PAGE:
In any case, under the amended election laws, it would be difficult for a single party to secure a majority. Even if the ruling party wins a unilateral victory, it would not have the power to reform the 1987 constitutional system—an already much overdue reform. The experience of the 4+1 coalition is a precious asset in our politics. The key is to explore the potential in coalition politics, in which various values and lines cohabit under the spirit of the Candlelight Revolution, while also limiting, as much as possible, the political space of reactionary forces that deny the revolution. In order to strengthen the foundation for overcoming the division system, by dispersing power currently concentrated in the president, and by easing extreme ideological conflicts and economic and other inequalities through the amendment of the constitution, we should not exclude even the conservative forces in our efforts. It is due to the failure of the building of governance appropriate for the Candlelight Revolution period that the 20th national assembly could not avoid chaos and that our politics had to go out into the streets and public squares. Thanks to the Candlelight Revolution, the administration did change, and justice reform has now emerged as the task of our times. Therefore, it is now time for us to create a Candlelight Revolution national assembly, and to help in the solving of incomplete reform tasks, as well as to offer the revolution its institutional fruits through constitutional reform.

The Candlelight Revolution was a legal revolution—unprecedented in world history. Although many revolutions have gone through a time of disillusionment and reaction, while maintaining a state of emergency in everyday life, the Candlelight Revolution could control counter-revolutionary forces at an appropriate level, thanks to its character as a constitutional revolution, a reflection of its wisdom. As a result, however, it had to endure hardship in which it had to tolerate the legislative branch, which had been elected before the revolution. But we don’t have endless time. Already, skepticism about the revolution is rearing its head. This is why the 21st general election cannot remain simply one of the regular general elections we have every four years.


At this point, we need to remember that the great transformation demanded by the Candlelight Revolution is not a simple power shift, but includes much more fundamental needs, which require us to transition to another kind of world. Among these needs, understanding the global problems of climate change and ecological crisis has become a task we can no longer postpone. The disasters in the world, which at first glance do not appear connected—particulate matter pollution, contaminated Fukushima water, plastics waste, the coronavirus, fires in the Amazon region, and the fires in Australia—are also political problems and deeply involved in the dynamics of a capitalist system. We prepared the feature in this issue from this perspective and offer it under the title “Expansion of Ecological Politics and System Transformation.”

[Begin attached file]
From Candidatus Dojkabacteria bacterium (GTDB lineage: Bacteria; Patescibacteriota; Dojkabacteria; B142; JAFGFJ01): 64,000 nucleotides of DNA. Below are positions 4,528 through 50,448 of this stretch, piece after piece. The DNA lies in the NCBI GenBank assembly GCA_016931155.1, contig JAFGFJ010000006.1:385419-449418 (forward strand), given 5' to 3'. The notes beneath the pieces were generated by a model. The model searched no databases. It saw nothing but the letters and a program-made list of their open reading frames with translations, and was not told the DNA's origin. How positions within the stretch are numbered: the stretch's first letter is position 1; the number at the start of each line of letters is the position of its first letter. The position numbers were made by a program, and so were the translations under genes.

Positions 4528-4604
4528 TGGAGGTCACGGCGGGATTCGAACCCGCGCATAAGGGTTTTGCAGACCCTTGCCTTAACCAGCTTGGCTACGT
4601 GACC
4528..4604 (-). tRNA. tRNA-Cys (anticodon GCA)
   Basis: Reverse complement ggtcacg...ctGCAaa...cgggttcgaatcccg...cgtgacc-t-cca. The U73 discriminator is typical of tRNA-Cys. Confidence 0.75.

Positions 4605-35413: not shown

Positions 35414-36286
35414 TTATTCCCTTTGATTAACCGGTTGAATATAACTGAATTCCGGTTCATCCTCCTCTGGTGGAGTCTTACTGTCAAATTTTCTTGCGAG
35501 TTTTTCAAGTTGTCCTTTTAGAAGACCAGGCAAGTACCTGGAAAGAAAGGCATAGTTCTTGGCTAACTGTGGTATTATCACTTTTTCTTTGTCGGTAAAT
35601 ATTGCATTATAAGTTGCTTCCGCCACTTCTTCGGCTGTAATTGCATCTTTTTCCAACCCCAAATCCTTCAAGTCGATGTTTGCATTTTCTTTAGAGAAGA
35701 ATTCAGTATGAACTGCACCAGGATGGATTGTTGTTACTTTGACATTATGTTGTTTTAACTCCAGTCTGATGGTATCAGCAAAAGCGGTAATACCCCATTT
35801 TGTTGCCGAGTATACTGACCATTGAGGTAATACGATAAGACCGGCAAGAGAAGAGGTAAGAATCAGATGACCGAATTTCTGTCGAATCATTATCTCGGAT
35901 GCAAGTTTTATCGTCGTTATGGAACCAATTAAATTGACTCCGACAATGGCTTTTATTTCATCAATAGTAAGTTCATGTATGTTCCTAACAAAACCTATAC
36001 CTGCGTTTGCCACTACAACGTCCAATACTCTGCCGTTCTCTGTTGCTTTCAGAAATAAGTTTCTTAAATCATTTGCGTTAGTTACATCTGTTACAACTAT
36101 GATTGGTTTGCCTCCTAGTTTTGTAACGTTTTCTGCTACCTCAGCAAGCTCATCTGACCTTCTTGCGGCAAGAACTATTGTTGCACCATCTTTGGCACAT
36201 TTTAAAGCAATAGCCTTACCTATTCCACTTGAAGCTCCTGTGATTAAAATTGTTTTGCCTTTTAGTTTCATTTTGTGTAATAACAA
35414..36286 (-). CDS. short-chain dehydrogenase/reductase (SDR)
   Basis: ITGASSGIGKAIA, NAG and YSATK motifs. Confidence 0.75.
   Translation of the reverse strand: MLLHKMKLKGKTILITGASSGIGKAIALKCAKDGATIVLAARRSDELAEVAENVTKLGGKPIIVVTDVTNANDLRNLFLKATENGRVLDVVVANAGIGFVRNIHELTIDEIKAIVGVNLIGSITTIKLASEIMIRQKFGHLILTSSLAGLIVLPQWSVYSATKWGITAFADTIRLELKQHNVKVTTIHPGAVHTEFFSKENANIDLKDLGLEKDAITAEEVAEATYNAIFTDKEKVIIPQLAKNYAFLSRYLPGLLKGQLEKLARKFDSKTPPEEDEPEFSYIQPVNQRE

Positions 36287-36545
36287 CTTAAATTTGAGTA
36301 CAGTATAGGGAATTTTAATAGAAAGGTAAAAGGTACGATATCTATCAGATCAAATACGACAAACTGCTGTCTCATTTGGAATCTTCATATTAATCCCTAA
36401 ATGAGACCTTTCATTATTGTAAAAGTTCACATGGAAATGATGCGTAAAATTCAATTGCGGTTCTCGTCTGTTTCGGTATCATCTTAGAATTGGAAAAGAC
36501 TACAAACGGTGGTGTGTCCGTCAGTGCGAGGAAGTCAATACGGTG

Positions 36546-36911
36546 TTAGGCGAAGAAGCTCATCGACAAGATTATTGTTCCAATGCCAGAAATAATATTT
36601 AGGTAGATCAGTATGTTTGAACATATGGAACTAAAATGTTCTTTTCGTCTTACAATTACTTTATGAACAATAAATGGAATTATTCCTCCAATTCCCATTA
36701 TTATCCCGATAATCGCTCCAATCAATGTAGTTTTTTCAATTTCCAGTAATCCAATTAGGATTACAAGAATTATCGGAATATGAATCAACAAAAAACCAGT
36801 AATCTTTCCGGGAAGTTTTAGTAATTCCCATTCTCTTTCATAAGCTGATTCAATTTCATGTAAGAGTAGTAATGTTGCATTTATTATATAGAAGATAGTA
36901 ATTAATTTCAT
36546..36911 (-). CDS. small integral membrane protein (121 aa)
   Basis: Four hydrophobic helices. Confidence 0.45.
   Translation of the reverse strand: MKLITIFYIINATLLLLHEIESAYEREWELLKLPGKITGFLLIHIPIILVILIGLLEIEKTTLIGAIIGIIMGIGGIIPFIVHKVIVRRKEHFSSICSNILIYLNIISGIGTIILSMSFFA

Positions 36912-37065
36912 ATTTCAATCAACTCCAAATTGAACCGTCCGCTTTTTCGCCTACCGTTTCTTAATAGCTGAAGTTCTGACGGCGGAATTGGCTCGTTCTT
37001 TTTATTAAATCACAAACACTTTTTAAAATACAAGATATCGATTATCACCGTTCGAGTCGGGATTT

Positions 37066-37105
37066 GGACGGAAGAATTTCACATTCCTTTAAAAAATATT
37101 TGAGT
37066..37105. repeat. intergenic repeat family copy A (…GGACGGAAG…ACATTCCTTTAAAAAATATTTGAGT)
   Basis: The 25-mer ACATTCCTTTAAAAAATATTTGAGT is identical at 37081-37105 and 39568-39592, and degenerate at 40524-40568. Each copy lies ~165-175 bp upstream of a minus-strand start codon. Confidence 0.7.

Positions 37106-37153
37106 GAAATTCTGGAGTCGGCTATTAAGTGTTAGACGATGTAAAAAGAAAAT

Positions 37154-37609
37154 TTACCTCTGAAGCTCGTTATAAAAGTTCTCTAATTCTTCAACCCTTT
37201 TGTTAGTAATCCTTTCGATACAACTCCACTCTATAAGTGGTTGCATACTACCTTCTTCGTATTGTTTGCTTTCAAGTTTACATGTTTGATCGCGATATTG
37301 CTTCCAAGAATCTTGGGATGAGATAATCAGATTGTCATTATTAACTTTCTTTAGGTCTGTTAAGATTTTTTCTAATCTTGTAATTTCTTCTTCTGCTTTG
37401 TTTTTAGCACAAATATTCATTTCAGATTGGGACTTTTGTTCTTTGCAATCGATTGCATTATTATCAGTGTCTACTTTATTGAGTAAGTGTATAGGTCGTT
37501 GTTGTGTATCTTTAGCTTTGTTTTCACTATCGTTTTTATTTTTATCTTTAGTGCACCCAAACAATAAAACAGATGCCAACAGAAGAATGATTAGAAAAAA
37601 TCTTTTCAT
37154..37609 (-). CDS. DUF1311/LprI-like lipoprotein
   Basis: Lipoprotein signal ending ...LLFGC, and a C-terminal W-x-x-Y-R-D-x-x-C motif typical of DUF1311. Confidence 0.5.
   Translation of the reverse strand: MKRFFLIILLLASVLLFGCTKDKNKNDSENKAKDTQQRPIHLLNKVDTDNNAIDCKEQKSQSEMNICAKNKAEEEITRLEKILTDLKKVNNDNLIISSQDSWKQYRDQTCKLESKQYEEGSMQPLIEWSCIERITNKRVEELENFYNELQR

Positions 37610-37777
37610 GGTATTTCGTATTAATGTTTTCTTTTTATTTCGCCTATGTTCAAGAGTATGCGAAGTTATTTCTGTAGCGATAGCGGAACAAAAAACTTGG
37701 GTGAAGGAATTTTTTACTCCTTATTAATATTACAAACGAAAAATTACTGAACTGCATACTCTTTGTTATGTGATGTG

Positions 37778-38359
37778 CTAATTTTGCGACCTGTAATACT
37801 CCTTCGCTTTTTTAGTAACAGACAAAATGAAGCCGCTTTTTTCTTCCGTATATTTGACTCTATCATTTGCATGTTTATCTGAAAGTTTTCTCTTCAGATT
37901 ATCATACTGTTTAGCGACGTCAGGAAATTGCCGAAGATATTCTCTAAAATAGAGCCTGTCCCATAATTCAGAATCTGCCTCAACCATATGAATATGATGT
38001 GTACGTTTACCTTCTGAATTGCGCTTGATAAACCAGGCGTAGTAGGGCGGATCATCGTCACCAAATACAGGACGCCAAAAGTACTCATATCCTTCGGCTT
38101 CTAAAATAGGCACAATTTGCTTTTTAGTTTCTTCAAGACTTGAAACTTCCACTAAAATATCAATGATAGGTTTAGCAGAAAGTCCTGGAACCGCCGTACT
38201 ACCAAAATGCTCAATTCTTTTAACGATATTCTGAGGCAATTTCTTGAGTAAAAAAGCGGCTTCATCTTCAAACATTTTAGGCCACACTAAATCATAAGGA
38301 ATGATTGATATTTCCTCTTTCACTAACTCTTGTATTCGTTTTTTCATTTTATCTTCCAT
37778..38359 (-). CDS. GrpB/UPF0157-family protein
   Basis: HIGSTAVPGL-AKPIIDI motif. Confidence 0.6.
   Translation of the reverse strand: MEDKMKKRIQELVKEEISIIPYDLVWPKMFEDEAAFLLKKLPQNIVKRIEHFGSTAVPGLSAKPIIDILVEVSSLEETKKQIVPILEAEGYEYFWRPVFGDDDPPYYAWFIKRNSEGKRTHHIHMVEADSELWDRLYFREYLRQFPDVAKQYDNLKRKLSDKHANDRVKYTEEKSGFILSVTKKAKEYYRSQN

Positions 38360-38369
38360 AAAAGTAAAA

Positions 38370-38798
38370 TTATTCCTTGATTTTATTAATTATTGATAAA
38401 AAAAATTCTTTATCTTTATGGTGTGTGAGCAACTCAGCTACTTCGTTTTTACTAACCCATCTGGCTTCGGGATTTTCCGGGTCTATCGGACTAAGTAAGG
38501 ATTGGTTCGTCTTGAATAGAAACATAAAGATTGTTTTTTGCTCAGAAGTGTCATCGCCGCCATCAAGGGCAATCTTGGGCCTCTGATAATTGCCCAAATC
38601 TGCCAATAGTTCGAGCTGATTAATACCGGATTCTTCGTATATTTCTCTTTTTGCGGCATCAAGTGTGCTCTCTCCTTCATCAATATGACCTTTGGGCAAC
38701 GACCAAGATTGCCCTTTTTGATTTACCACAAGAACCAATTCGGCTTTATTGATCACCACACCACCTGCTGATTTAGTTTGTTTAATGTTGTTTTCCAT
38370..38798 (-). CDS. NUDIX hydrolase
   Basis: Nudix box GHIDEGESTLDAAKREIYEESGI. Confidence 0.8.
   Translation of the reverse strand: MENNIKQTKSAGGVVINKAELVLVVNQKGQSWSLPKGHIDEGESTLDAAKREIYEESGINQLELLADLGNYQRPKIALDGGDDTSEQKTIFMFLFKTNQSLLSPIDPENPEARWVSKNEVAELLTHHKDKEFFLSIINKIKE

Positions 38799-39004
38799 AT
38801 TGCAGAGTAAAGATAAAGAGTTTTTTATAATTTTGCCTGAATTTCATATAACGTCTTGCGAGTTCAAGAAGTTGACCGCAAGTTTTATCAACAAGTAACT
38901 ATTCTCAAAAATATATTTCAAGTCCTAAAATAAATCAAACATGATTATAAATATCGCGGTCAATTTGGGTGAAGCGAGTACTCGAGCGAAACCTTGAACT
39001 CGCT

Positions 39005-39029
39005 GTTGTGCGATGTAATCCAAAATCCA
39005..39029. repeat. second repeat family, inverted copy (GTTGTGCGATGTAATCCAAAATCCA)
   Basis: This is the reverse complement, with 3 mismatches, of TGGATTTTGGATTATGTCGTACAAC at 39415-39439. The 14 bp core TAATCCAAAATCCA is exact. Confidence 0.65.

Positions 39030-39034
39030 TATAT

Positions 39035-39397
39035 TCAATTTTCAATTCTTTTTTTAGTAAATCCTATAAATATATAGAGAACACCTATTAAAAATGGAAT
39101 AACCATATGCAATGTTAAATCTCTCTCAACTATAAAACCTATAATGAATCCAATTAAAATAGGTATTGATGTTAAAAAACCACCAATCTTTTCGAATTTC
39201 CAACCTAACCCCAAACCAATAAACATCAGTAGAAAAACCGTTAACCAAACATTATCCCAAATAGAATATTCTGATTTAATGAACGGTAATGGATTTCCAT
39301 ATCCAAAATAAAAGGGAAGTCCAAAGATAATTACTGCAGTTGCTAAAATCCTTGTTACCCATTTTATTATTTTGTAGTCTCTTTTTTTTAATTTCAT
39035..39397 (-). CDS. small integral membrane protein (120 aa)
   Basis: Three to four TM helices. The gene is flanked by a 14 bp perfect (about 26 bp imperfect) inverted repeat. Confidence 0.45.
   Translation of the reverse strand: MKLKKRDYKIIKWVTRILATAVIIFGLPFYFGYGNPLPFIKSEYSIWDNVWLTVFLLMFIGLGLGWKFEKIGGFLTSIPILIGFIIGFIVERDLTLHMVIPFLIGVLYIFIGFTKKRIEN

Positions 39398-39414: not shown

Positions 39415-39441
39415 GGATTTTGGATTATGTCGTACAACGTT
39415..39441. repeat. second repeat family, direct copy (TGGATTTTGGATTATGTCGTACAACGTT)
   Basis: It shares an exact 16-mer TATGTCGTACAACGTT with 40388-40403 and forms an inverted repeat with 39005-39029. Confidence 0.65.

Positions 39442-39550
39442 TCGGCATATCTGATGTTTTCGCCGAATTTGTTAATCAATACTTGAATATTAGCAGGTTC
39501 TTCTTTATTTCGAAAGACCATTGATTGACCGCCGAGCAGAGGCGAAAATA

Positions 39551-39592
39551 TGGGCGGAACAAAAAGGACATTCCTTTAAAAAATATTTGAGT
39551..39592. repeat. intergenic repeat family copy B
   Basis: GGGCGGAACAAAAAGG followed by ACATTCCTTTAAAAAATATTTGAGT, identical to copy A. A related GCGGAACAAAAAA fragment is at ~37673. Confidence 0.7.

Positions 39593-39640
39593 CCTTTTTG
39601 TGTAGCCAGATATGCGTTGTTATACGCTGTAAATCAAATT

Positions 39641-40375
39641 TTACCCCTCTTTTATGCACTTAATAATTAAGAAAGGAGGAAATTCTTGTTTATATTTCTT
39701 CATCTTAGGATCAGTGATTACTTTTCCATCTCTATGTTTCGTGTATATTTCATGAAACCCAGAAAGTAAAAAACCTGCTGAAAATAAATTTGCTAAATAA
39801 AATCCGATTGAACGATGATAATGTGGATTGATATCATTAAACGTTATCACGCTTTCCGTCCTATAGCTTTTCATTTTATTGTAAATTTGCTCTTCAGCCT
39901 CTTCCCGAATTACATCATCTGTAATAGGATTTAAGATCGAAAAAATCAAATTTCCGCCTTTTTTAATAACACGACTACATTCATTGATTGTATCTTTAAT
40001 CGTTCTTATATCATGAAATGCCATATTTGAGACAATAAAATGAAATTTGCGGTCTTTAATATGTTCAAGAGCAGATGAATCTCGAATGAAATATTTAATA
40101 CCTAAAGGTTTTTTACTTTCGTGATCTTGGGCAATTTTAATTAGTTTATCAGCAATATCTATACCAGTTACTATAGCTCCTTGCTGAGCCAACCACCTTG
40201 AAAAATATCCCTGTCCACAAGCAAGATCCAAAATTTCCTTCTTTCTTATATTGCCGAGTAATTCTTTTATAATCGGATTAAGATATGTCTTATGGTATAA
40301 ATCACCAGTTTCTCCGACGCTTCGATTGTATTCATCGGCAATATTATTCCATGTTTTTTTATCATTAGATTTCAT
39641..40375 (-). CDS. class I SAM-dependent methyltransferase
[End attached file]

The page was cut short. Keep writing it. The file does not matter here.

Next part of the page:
Paik Young-Gyung analyzes from a political and socio-economic perspective why differences are difficult to be overcome among proposals about how to respond to the current climate crisis, although it is one affecting all of human civilization. The current climate crisis is not entirely the crisis of “climate,” in that we humans created it, and, even so, we are not equally responsible for it. Also, it requires a serious discursive struggle, because its solution is like an equation with multiple variables, including a transformation of the social structure, policy changes, and everyday practices. While evaluating various discourses about climate crisis, which include discussions about Anthropocene and Capitalocene, Paik addresses examples of indigenous people’s struggles against settler colonialism from the perspective of an ecological transformation.

Kim Sang-Hyun discusses in detail various issues around the Green New Deal, which has been emerging as a solution to the climate crisis, focusing on the US. There are, in fact, many variations of the Green New Deal, although all are based on the New Deal adopted by US President F. D. Roosevelt in the 1930s to deal with the Great Depression. While discourse around green growth, which remains on the level of capitalist economic development, is predominant, a more radical Green New Deal approach, which aims to change the exploitative capitalist economic system, the root cause of climate inequality, is standing against it. The author’s perspective emphasizes systemic change rather than simple climate change, as well as people’s lives and global ecology rather than profit, and is supported by abundant examples and cogent logical demonstrations.